BP's temporary suspension from federal contracts won't bring back the 11 people who died in the Deepwater Horizon well blowout in 2010, the worst oil spill in the nation's history. Nor will its record $4.5 billion fine, or the billions of dollars in civil penalties expected to be assessed against the company.
But it's to be hoped that the contract suspension announced by the Environmental Protection Agency against BP will make clear that worker safety and resource protection cannot be compromised for the sake of profits.
Four times in the past 12 years, BP was implicated in criminal conduct that could have led to a similar ban. In each case, the company paid fines and kept bidding on contracts by promising it would improve its operations. BP is one of the Pentagon's largest fuel suppliers.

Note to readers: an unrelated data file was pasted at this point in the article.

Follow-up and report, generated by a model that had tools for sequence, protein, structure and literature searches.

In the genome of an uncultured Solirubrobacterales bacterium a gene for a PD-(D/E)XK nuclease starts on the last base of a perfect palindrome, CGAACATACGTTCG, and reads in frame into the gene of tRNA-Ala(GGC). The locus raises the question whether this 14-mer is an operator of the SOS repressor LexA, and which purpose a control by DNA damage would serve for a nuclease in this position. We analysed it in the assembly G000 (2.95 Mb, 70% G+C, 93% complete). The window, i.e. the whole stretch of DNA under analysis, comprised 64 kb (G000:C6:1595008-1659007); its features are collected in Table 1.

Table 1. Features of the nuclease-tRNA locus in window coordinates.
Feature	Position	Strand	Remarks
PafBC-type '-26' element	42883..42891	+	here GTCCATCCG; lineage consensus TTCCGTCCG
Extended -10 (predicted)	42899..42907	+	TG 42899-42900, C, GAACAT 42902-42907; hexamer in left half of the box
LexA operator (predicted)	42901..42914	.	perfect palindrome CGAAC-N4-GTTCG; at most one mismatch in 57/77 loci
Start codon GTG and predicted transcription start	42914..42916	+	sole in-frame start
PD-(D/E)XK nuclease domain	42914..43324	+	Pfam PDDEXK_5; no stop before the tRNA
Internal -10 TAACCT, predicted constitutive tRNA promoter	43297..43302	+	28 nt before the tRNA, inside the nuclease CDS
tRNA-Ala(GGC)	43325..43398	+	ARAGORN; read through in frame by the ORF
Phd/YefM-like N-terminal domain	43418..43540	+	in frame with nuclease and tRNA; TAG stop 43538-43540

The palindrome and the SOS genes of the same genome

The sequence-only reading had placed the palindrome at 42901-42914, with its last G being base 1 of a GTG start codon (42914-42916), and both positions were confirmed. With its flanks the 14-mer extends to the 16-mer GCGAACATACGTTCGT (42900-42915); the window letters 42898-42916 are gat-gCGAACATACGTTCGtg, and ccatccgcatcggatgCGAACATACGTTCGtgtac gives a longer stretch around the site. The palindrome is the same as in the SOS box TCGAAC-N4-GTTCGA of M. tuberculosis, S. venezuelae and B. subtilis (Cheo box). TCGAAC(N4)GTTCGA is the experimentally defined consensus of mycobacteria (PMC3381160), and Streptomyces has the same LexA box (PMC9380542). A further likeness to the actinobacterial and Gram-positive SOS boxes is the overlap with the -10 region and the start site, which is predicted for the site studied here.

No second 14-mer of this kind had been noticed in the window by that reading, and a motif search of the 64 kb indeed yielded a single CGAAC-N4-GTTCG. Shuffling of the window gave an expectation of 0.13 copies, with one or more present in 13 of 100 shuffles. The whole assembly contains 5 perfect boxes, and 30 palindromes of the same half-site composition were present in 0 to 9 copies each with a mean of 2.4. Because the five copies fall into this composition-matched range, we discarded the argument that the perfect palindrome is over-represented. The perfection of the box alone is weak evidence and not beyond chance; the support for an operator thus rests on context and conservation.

Rarely does a global corporation with BP's political muscle get such a caustic rebuke. The EPA attributed the suspension to what it called BP's "lack of business integrity."
Belated as the sanctions may seem to thousands of Gulf Coast residents, they convey an important message for industry in the Great Lakes region and other parts of the United States. As BP's oil spewed into the Gulf of Mexico for weeks, many people, in this country and around the world, were wondering who truly wields power in America.
BP says its suspension from domestic contracts will not affect its existing operations. The EPA suspension was announced the same day new drilling leases in the gulf went up for bid. BP was forced to sit that process out. It may lose $2.43 billion of contracts for military fuel.
With its rebuke of BP, the EPA is sending a message to big oil. Other industries need to hear it as well.